Southern District Judge Shira Scheindlin Wednesday approved a deal between the state’s prison system and civil liberties lawyers to reform solitary confinement. The agreement arose from Peoples v. Fischer, 11 CV- 2694, a class action lawsuit filed by the New York Civil Liberties Union against the New York State Department of Community Corrections (DOCCS), alleging it that used confinement sanctions to penalize a disproportionate number of black and mentally ill prisoners for behavior that did not endanger other prisoners.

Under the agreement, the NYCLU will suspend the litigation for 24 months while DOCCS implements a series of reforms intended to curb the abuse of solitary confinement. Each side has designated an expert to produce recommendations, which will be used to develop reforms and new training materials.

DOCCS has also agreed to adopt a presumption against putting pregnant women in solitary confinement. It has also agreed, contingent on obtaining necessary funding, not to use solitary confinement for 16- and 17-year-old prisoners except under special circumstances determined by the central office, and to appoint an assistant commissioner to oversee the use of solitary confinement.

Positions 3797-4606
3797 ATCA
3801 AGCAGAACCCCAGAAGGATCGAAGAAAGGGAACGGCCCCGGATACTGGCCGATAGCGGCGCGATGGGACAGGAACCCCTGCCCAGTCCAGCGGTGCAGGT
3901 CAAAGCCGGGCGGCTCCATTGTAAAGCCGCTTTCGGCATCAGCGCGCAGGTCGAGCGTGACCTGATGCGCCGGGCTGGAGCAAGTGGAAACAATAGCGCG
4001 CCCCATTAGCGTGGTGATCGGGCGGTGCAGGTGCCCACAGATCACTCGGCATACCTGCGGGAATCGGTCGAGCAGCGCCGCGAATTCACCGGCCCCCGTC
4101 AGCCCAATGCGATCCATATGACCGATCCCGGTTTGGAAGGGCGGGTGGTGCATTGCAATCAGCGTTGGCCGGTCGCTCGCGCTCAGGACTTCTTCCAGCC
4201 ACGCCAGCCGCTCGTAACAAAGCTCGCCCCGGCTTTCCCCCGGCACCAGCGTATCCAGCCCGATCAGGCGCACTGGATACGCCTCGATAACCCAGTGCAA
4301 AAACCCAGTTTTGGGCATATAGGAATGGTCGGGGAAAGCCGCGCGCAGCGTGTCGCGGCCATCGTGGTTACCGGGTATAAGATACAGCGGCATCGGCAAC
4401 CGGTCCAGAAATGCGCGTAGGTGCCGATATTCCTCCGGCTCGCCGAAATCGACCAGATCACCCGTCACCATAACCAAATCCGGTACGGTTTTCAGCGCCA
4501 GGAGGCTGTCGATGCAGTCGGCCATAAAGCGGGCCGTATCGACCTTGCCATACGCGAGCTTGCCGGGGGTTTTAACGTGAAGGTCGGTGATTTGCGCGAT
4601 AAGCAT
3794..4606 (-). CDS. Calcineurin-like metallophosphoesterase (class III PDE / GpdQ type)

NYCLU senior staff attorney Taylor Pendergrass said the steps are just the start of a two-year reassessment of how the state uses solitary confinement.

The plaintiffs may move to vacate the two-year stay if they believe good faith negotiations have been exhausted.

The plaintiffs are represented by Morrison & Foerster and by Professor Alexander Reinert of the Benjamin N. Cardozo School of Law.

The state was represented by Assistant Attorney General Richard Brewster.